It was only in the 1980s that science and practice recognized the importance of resistance for environmentally friendly cultivation. As a result, cross breeding and cultivation in pioneering companies increased again with special permits. Switzerland's mandatory list of grape varieties initially prevented free cultivation, which was only legitimized in 1995 by abolishing this list. Today, the goal of creating the most natural vineyard possible using resistant grape varieties is open to every Swiss winemaker. This is important for vineyards where thunderstorms and nighttime dew formations cause the infection pressure of the downy mildew to be very high and make short intervals between the frequent treatments not only necessary in organic winegrowing. This allows a high contribution to the reduction of pollution of soil, air, environment, flora, fauna, winegrowers and the climate.
A new terrifying statement on insect decline and bird death in Germany.
If you are still looking for arguments for growing PIWI grape varieties, you will find them on pages 21, 24 and 25. In the opinion, fungus-resistant varieties are presented as the basis for a new integrated crop protection in agriculture:
6.4 Promotion of integrated crop protection processes including the availability, cultivation and market launch of resistant varieties
Integrated plant protection (IPS) measures rely primarily on a variety of methods used to control harmful organisms, such as: B. use of mechanical methods for weed control, use of crop rotation effects, or the cultivation of less susceptible or resistant varieties and adaptation of sowing times to the location. Such measures should be the first choice, but they are not used sufficiently for various reasons. It can be assumed that the use of chemical pesticides is often preferred to alternative methods because they are easy to use and inexpensive and represent conventional practice. We therefore recommend that farmers' training and advice be geared even more strongly towards integrated crop protection than before.
Life cycle assessment of Swiss wine from ÖLN and organic production
Study by Sarah Wettstein, Matthias Stucki, Matthias Meier, Peter Schumacher, Jürg Buchli on behalf of the Federal Office for the Environment (FOEN)
In addition to animal foods, the consumption of alcohol and other luxury foods contributes significantly to the environmental impact of nutrition. In 2014, with 35 liters per capita and year after beer, wine was the most consumed alcoholic beverage. The management of vineyards is associated with a high consumption of resources and energy, as well as with production-related emissions to the air, soil and water. Emissions were reduced with the introduction of integrated production (IP). Organic production goes one step further by banning chemical-synthetic pesticides and increasing the cultivation of fungi-resistant (PIWI) varieties.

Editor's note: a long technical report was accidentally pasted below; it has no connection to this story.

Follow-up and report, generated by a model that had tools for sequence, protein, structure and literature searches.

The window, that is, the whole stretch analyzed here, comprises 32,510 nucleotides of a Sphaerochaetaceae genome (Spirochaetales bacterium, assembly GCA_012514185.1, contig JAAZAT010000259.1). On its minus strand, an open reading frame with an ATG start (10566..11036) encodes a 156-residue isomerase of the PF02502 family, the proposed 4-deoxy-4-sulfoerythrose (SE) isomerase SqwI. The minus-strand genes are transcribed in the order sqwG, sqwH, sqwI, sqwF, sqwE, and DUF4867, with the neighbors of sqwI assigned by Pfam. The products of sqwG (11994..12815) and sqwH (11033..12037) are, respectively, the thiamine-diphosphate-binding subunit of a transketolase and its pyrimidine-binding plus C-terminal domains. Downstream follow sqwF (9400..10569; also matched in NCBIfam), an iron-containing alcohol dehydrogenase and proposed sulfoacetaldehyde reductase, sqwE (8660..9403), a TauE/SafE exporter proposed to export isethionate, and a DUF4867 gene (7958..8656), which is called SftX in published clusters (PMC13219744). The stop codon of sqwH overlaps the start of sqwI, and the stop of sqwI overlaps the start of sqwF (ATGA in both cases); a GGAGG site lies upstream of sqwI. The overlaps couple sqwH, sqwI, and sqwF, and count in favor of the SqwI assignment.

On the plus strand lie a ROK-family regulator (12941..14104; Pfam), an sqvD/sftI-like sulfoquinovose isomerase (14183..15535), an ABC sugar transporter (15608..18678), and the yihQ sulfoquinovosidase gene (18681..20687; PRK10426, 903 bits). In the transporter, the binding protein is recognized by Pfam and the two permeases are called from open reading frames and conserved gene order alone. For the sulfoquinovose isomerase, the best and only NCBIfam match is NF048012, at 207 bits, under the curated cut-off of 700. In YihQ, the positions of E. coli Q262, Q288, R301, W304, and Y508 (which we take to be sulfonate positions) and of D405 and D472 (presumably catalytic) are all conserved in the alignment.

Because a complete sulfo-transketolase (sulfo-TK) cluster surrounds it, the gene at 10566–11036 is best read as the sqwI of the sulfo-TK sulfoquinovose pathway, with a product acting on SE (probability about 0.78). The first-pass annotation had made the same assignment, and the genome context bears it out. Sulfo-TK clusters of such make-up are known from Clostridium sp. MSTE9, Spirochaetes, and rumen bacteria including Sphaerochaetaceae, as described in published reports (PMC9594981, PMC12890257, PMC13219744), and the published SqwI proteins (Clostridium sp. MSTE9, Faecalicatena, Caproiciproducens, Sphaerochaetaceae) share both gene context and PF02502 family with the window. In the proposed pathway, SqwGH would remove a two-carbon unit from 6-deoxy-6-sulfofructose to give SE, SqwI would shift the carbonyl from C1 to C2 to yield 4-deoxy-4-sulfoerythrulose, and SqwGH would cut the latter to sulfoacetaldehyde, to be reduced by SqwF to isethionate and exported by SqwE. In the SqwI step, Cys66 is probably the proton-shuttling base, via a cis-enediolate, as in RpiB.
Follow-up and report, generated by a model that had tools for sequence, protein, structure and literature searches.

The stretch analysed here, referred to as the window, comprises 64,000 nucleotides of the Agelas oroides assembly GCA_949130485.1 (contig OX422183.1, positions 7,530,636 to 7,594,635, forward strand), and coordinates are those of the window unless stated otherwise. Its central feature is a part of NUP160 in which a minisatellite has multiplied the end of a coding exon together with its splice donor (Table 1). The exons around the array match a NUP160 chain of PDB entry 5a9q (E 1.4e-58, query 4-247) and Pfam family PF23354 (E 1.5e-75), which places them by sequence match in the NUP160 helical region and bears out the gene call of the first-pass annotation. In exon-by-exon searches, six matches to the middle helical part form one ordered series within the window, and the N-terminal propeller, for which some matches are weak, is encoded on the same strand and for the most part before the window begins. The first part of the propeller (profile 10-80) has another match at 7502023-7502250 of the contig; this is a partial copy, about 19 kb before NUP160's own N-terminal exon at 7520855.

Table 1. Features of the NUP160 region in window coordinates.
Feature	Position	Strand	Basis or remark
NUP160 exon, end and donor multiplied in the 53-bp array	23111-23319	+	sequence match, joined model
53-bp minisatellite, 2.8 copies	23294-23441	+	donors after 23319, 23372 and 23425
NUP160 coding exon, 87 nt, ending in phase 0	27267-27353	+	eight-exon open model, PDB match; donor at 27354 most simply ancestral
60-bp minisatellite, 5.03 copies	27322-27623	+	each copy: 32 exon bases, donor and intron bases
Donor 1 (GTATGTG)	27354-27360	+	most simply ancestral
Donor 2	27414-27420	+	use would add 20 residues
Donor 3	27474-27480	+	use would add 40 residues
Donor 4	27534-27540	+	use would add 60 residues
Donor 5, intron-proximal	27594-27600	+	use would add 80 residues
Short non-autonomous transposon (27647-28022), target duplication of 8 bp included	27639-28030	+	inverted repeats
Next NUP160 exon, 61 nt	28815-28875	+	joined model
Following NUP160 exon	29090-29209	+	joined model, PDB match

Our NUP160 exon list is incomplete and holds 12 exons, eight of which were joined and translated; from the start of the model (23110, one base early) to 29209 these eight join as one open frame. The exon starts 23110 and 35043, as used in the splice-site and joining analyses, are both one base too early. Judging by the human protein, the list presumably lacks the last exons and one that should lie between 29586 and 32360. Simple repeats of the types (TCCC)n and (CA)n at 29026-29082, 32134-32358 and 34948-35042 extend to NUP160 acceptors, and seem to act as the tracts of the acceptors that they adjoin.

The aim of the present study is to assess the environmental impact of wine production in Switzerland with the two production systems mentioned and the cultivation of PIWI varieties using an ecological balance sheet and to highlight the most important influencing factors. In addition, a biodiversity assessment was carried out to show the effects of different production systems on biodiversity.
Areas dedicated to organic wine production have significantly increased over the last few years. The vast majority of organic wine is made from Vitis vinifera varieties that are highly susceptible to fungal diseases and pests, making organic management difficult for growers. Depending on the growing area, 20-70% of organic growers declare issues with fungal diseases in Europe. Recently, fungus-resistant grape (FRG) varieties have been recommended as the most suitable choice in organic viticulture, especially in areas where disease pressure necessitates high rates of fungicides. FRG varieties could contribute to improved disease management in organic as well as conventional viticulture, reduce production costs and decrease copper accumulation in soils. Recently, many FRG varieties presenting advantageous agronomic attributes and enological characteristics have been developed in North America and Europe for conventional and sustainable farming. In this review, we present an overview of the benefits and limits associated with FRG varieties in addition to the current knowledge regarding berry and wine composition, canopy management, and winemaking challenges and practices.
A positive contribution to the carbon dioxide balance
Article by Martin Mehofer in the Austrian trade magazine "Winemaker"
Sustainability is currently a buzzword. In particular, the ecological aspect, which also includes the carbon dioxide balance, is very much discussed in the context of environmental policy. Domestic vineyards alone currently have the potential to bind up to approx. 750,000 t CO2 per year - an enormous contribution to environmental protection, which can still be expanded through an appropriate economy.